Twin Cities kids thrilled by Play Ball event

Twin Cities kids thrilled by Play Ball event

ST. PAUL, Minn. -- Twins first baseman Joe Mauer and manager Paul Molitor were more than 1,500 miles away from their hometown Wednesday night as the team took on the Rays in Florida, but around 60 other St. Paul ballplayers took the field back in Minnesota as part of the Play Ball initiative.

"I have said it many times. I think the capital of baseball in this state probably is St. Paul," Twins president Dave St. Peter said to a crowd of kids ages 8-14. "How can you not say that when you think of the history of baseball in this community and the number of great players that this city has turned out?"

Mayor Chris Coleman greeted the group of enthusiastic young players and formally proclaimed August "Play Ball Month" in St. Paul. More than 125 mayors around the U.S. are hosting activities this month in support of a collaboration between Major League Baseball and USA Baseball to introduce kids to the sport and to help encourage participation throughout the community.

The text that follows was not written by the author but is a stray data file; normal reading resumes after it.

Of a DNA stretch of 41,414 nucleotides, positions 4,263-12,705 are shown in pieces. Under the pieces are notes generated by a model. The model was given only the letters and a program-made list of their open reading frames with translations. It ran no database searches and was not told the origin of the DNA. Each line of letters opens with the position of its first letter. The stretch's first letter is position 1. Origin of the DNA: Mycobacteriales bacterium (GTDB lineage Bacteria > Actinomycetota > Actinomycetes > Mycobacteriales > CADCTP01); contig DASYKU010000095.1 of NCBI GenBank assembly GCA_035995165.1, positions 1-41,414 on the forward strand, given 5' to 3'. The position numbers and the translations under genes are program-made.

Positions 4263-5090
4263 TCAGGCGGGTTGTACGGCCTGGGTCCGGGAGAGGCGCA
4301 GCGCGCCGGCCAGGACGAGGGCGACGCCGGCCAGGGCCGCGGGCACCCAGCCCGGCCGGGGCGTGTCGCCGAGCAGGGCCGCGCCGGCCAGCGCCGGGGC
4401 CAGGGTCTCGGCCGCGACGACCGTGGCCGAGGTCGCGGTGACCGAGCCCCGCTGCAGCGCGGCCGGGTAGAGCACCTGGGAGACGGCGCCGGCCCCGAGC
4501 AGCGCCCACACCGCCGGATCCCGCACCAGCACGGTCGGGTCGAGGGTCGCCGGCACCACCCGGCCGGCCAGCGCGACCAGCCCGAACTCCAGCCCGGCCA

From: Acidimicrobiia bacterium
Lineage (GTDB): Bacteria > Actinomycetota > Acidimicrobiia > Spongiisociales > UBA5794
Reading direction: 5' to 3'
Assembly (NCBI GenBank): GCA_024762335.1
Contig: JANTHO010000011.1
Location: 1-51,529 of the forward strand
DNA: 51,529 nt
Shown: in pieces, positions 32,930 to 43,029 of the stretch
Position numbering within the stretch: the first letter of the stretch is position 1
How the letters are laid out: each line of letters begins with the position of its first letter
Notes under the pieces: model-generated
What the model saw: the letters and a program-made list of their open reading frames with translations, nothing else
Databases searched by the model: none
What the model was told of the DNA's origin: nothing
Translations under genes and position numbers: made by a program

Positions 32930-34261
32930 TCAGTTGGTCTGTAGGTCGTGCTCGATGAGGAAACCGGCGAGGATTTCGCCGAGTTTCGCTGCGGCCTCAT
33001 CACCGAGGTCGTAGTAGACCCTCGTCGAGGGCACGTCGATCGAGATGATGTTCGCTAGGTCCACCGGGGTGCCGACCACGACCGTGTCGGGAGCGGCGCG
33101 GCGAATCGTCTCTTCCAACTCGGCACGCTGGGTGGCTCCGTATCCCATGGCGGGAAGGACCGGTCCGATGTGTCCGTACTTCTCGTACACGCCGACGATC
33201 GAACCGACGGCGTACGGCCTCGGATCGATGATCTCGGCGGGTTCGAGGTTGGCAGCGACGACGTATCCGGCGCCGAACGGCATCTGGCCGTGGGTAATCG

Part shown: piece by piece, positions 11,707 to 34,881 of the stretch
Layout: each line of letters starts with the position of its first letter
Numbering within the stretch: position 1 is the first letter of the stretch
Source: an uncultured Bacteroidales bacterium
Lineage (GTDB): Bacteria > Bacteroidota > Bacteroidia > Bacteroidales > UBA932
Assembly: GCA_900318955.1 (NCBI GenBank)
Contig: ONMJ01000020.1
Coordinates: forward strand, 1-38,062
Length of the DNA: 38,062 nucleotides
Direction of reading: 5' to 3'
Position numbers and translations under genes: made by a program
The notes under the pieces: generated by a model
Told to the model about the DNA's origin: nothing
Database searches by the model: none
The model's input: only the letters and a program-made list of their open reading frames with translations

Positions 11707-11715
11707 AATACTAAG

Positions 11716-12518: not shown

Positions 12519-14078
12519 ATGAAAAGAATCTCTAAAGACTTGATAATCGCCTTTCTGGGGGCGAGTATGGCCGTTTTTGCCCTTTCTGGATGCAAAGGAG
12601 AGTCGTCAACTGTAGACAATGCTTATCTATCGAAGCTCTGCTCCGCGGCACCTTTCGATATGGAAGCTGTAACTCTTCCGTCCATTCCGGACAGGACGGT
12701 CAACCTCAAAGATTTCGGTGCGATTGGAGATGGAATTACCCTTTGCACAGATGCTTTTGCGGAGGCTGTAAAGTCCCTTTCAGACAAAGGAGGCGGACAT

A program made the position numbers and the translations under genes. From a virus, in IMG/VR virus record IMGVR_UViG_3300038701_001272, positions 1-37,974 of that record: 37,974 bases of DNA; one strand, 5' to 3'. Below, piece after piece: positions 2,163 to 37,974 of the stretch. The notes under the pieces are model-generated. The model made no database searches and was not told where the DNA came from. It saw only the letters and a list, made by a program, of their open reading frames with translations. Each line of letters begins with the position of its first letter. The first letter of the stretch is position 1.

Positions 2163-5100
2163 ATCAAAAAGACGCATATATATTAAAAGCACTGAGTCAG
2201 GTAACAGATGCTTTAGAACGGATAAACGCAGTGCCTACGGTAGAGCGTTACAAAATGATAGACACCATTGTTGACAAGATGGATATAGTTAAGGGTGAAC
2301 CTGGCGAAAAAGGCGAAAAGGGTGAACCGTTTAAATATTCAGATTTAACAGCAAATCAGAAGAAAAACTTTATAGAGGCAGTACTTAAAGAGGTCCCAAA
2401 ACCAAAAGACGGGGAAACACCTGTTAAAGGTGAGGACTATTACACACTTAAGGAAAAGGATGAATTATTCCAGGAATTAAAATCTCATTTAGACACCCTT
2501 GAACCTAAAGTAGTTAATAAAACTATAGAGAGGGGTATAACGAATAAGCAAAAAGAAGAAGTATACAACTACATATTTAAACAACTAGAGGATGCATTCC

Twins training camp instructors coached the kids for about an hour and a half. Many of the kids were soccer players, but despite that, seemed to accomplish the first goal of the night -- having fun -- while participating in a variety of different baseball drills.

Former Twin Al Newman, a two-time World Series champion with Minnesota, was also in attendance, lending his knowledge to the group. As a kid, Newman attended similar camps and clinics.

"We used to have guys come into the parks every now and then. We had somebody come and teach us how to try to throw and hit," Newman said. "It was just like watching the big boys play. It did inspire me, now when I look back on it, but at the time, it was just a fun afternoon."

Newman said one of the major things he learned was the importance of catching a ball. But more than that, Newman learned about the value of hard work. St. Peter, too, seemed intent on having the group learn lessons that can stretch further than just baseball and softball fundamentals.

"There might be the next Joe Mauer or Paul Molitor sitting out here, but you know what? In my world, and in my view, and I think in the view of Major League Baseball and Commissioner [Rob] Manfred, the great thing about baseball and softball and any game you play in terms of those rules is what it teaches in terms of life skills because, remember, the best baseball players, the best softball players fail probably seven out of 10 times and it mirrors life," St. Peter said.

Betsy Helfand is an associate reporter for MLB.com. This story was not subject to the approval of Major League Baseball or its clubs.